European Family Recipes (2024)

My background, Slovakian (Czechoslovakia at the time) on my Mother's side and Northern Serbian (Yugoslavia at that time) on my Father's side, has influenced the way I've eaten since birth. I grew up eating certain things, certain ways, and those have stayed the same all my life, where possible. Due to constant warring through the centuries, these eastern European countries have been overrun repeatedly and have changed hands, so to speak, ethnicities overlapping and influencing. So it is that many of the recipes that come down from both parents sometimes almost overlap.

My Mom and Dad both made what their parents called Chicken Paprikash, though the styles were quite different. My paternal grandmother made strudel filled with poppyseeds, or nuts, and sometimes other things, while my maternal grandmother, instead of the very fine and delicate strudel dough, made Slovak Rolls, an enriched bread-like dough that was filled with poppyseeds, or nuts. Similar, but different. Sometimes, like with the "paprikash," the name of the dish overlaps, and sometimes the dish is just very similar but called differently.

In this blog, I want to set out a couple of recipes from my North Serbian Grandmother: Machanka (or Tomato Gravy) and Kifli, little flaky fruit filled Christmas pastries), plus two filling varieties.

Grandma Hromish

Firstly, a little bit about my North Serbian Grandma Hromish. Grandma was married in Kucur, Bačka, Vojvodina at age 15, yet still brought her knowledge of cooking and baking with her. Her pastries were legend; flaky Kifli, nut pita, strudels (that I sadly, have not learned to make) of many varieties and others I have no access to at this late date. She arrived in the US with her first two children in the early years of the 1900s. Grandpa arrived a bit earlier than Grandma. They settled eventually in Ohio, around Celina, and farmed. Grandpa died before I reached two years of age, so I never knew him, but I know they had chickens and eggs and grew vegetables, something my Dad always loved doing. My father was born in Celina, the first of their children born in the U.S.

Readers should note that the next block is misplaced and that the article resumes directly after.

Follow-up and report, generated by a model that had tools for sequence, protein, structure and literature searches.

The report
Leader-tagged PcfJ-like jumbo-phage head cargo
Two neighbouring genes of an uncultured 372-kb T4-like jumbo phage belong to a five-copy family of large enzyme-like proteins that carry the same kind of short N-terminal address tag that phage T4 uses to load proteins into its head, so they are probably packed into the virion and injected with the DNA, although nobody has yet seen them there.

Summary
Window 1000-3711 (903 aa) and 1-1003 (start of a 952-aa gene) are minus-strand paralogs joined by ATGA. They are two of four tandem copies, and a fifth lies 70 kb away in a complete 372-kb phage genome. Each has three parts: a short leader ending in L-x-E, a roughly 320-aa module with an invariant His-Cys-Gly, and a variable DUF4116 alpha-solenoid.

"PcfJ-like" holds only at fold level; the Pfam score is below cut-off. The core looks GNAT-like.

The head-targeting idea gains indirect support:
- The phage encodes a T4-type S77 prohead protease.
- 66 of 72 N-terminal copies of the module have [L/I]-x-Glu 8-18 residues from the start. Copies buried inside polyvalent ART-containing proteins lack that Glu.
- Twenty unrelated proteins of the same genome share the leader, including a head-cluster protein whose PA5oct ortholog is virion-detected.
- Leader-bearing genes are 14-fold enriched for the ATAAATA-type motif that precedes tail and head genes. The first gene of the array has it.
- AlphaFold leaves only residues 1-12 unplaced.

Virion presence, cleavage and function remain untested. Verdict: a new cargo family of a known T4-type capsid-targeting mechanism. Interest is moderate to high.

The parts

From Grandma I learned to love saffron, as her house smelled of saffron most Sundays as we went to her house for dinner. Soup simmering on the stove, lovely golden from the saffron, with beef or chicken simmering away. She always made homemade noodles and those were always a treat. After serving the soup and noodles, she would Serve the meat from the soup, with more noodles and machanka. I am fairly certain that the word "machanka was actually spelled mačanka; the little mark above the "c" making the sound of "ch," as with the District mentioned above: Bačka. I grew up eating machanka often. It is a sweet sour kind of tomato gravy, eaten with the meat that had been cooked in the soup. This was standard. Later on, as the internet took off, I tried to find any kind of reference to machanka, and the only thing I ever found was a brown gravy, and certainly not Grandma's version. I finally fond only one reference to a tomato based gravy years later. This is similar to that machanka my Grandma made. In flavor, it fits with my memory, though I cannot say how authentic it is.

Machanka with chicken and noodles


Makes about 2½ cups

2 tablespoons bacon grease
2 tablespoons all-purpose flour
1 can (6 ounces) tomato paste
2 cups water
1 tablespoon white vinegar
1 tablespoon sugar
½ teaspoon salt
freshly ground pepper, to taste